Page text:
I may be reading too much into this, but I think Kevin McCathy's use of the conditional mood is significant:
HAUPPAUGE, N.Y. -- House Majority Leader Kevin McCarthy landed here from Los Angeles with a bang: He bluntly warned that Republicans will blow the presidency in 2016 if they don't make some radical changes -- and quick.He said "prove we could govern," not "prove we can govern." There's a huge difference, and I think he knows it.
McCarthy, speaking without a working microphone, told a group of Long Island donors that Republicans' gains in the House will amount to little if they can't govern over the next two years.
"I do know this," McCarthy said. "If we don't capture the House stronger, and the Senate, and prove we could govern, there won't be a Republican president in 2016.” ...
Republicans will prove they can govern in the next two years if they work with the White House and congressional Democrats to pass significant legislation. That's what Jake Sherman, who wrote this up for Politico, thinks McCarthy means.
What I think McCarthy means is that Republicans hope to pass a whole lot of showoffy, wedge issue-y legislation that the president will veto -- neutering Dodd-Frank even more, gutting environmental regulations, undermining Obamacare, slashing taxes and non-military spending. Republicans don't want to pass anything Obama will sign. That would require compromise. Republicans don't do compromise. They want to show us what bills a Republican president would sign if given the chance -- that's what McCarthy means when he says Republicans have to show that they "could govern." Meanwhile, they want it to seem as if the gridlock is all Obama's fault.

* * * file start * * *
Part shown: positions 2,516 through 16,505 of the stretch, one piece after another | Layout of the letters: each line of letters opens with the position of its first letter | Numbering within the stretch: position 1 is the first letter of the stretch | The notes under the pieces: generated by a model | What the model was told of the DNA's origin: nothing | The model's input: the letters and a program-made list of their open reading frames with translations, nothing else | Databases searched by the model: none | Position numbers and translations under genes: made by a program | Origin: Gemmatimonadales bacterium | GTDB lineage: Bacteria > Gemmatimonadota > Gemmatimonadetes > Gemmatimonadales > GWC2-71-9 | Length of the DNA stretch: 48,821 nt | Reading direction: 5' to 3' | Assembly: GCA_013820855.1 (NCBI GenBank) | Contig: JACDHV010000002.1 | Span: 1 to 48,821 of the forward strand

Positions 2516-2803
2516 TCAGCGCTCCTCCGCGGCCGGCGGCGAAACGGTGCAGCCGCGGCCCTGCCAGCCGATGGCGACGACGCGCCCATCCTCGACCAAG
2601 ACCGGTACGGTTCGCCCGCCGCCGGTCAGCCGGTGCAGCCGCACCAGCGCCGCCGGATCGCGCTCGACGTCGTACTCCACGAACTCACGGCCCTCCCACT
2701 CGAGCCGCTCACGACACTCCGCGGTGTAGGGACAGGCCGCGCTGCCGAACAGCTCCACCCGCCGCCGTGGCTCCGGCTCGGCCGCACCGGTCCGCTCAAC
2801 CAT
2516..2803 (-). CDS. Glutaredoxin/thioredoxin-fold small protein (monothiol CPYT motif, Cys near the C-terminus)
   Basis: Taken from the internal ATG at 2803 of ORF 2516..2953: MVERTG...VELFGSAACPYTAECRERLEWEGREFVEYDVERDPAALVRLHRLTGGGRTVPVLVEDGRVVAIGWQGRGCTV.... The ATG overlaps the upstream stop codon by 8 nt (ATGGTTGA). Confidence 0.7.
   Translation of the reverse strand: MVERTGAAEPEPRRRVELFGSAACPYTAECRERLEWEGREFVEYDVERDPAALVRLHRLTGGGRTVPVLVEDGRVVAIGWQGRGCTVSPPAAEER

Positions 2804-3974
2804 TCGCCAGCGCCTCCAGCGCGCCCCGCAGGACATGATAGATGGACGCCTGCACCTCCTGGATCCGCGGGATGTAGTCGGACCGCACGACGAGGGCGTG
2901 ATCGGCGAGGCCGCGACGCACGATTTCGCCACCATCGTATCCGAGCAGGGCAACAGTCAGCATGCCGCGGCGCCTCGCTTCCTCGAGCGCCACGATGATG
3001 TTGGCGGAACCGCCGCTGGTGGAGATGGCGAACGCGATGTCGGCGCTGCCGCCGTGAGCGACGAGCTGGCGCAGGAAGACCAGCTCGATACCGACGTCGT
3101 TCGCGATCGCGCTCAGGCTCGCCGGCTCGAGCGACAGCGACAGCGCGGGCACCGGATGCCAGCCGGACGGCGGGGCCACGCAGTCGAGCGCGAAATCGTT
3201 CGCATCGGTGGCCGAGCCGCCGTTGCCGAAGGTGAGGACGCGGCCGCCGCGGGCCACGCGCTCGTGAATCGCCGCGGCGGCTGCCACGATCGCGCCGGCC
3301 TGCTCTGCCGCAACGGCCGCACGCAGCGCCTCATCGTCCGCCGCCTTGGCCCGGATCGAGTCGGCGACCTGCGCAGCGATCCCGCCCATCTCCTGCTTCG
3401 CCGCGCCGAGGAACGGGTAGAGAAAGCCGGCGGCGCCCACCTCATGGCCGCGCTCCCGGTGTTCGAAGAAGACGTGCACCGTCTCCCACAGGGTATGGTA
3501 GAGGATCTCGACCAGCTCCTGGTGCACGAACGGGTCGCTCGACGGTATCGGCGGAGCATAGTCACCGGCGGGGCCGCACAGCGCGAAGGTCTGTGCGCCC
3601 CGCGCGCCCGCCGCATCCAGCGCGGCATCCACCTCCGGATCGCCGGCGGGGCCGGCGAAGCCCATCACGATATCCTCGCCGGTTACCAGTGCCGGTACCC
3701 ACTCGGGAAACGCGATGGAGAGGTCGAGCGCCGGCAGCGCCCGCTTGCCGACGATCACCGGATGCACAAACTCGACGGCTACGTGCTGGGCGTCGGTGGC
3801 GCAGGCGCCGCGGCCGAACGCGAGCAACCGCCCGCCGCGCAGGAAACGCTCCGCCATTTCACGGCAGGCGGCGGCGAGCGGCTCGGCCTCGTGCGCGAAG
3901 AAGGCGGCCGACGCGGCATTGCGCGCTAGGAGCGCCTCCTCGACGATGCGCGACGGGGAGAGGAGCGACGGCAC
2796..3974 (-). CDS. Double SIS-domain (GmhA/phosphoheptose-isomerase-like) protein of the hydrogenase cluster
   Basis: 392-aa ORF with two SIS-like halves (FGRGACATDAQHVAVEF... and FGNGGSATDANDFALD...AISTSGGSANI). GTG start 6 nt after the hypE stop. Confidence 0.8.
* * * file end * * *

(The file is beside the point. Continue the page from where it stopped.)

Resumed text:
I'm sure an all-GOP government could govern, if by "govern" you mean that it would do for the country what Brownback Republicans have done for Kansas or McCrory Republicans have done for North Carolina. But the plan is not to try governing now. This is a zero-sum game for Republicans. They don't want to compromise -- they want to win.